We call upon provincial, territorial, municipal, and community archives to work collaboratively with the National Centre for Truth and Reconciliation to identify and collect copies of all records relevant to the history and legacy of the residential school system, and to provide these to the National Centre for Truth and Reconciliation.
Indigenous Watchdog Status Update
|Current Status||March 31, 2021||IN PROGRESS|
|Previous Status||Dec. 31, 2020||IN PROGRESS|
Why “In Progress”?
Limited progress in the provinces and/or territories and other designated stakeholder groups.
The Indian Residential Schools Adjudication Secretariat
The Indian Residential Schools Adjudication Secretariat has launched a program to alert former students who made claims of abuse at Indian Residential Schools about their options on what happens to the records from their claims. The Secretariat has set up a new website, http://www.MyRecordsMyChoice.ca, where claimants can find information about their options.
On September 19, 2027, records of claims made in the Independent Assessment Process (IAP) or the earlier Alternative Dispute Resolution process (ADR) will be destroyed unless claimants ask for a copy for themselves, or choose to share or preserve them. Those who wish to preserve their records for history may choose to share them with National Centre for Truth and Reconciliation (NCTR).
The NCTR has been created to preserve the history and legacy of Canada’s residential schools. Hosted at the University of Manitoba, it already includes millions of records about residential schools, including statements from former students and other records gathered by the Truth and Reconciliation Commission (TRC), historical documents, and information about former students and staff. To share their records with the NCTR, claimants must complete a consent form. The consent form is available on the http://www.MyRecordsMyChoice.ca website.
The Indian Residential School History and Dialogue Centre
April 8, 2018 – The Indian Residential School History and Dialogue Centre will house accounts of survivors that were collected by the Truth and Reconciliation Commission. The new centre aimed at educating the public about the devastation of the residential school system opens at the University of British Columbia. The two-storey centre was funded by $5.5 million in donations. (Canadian Press)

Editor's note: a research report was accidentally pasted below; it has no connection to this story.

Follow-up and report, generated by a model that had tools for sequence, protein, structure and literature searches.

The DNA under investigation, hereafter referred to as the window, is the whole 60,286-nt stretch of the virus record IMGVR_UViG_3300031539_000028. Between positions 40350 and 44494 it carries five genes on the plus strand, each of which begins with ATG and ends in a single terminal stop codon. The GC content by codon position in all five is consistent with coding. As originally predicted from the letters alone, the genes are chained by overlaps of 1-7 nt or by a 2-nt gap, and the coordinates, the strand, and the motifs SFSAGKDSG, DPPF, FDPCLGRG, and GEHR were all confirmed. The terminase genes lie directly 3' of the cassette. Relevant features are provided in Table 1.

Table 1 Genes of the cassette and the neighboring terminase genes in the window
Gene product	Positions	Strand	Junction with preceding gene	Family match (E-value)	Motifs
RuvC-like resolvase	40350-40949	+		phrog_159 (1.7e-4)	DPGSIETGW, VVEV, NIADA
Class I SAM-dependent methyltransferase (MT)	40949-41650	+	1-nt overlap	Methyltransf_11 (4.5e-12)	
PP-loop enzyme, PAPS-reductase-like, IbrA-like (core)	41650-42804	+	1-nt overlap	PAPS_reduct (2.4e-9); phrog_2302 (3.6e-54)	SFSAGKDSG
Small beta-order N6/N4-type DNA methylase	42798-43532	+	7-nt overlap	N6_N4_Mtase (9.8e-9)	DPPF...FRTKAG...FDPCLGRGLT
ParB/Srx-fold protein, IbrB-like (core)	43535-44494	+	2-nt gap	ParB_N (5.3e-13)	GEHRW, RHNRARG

The Journey Together: Ontario’s Commitment to Indigenous Peoples
Includes Identifying death records of “lost children” who attended residential school and contribute to the National Centre for Truth and Reconciliation archives, locate burial sites and repatriate remains when requested and/or provide memorial ceremonies and markers.
The Shingwauk Residential Schools Centre (SRSC)
Nov. 26, 2020 – Algoma University is partnering with the Indian Residential School History and Dialogue Centre at UBC to increase access to information about the history of Residential Schools. “By leveraging the strengths of our organizations, this partnership will further our commitment to sharing and teaching about the history of Residential Schools.” ,” shared SRSC Researcher/Curator Krista McCraken.
The Shingwauk Indian Residential School was first established in Sault Ste. Marie, Ontario in1873 as a residential school for Indigenous children. The school closed in 1970, and shortly after Algoma University relocated to the site. The Children of Shingwauk Alumni Association, and the Shingwauk Project, which included Survivors, their families, and community members, formed a movement to educate the public and document this important history. The group gathered documents and photos, conducted research and more, leading to the eventual establishment of the Shingwauk Residential Schools Centre (SRSC). The SRSC’s records gathering process and engagement with the community predates the Truth and Reconciliation Commission (TRC) process, which ran from 2009 to 2015. Records and research about residential schools and day schools are often held in various government, church, regional, local and university archives, making them difficult to access. By partnering with the SRSC, the Centre will broaden access to a broader range of records related to residential schools and day schools across Canada.
Official Federal Government Response: Sept. 5, 2019
The Government of Canada is not the lead on a response for Call to Action # 77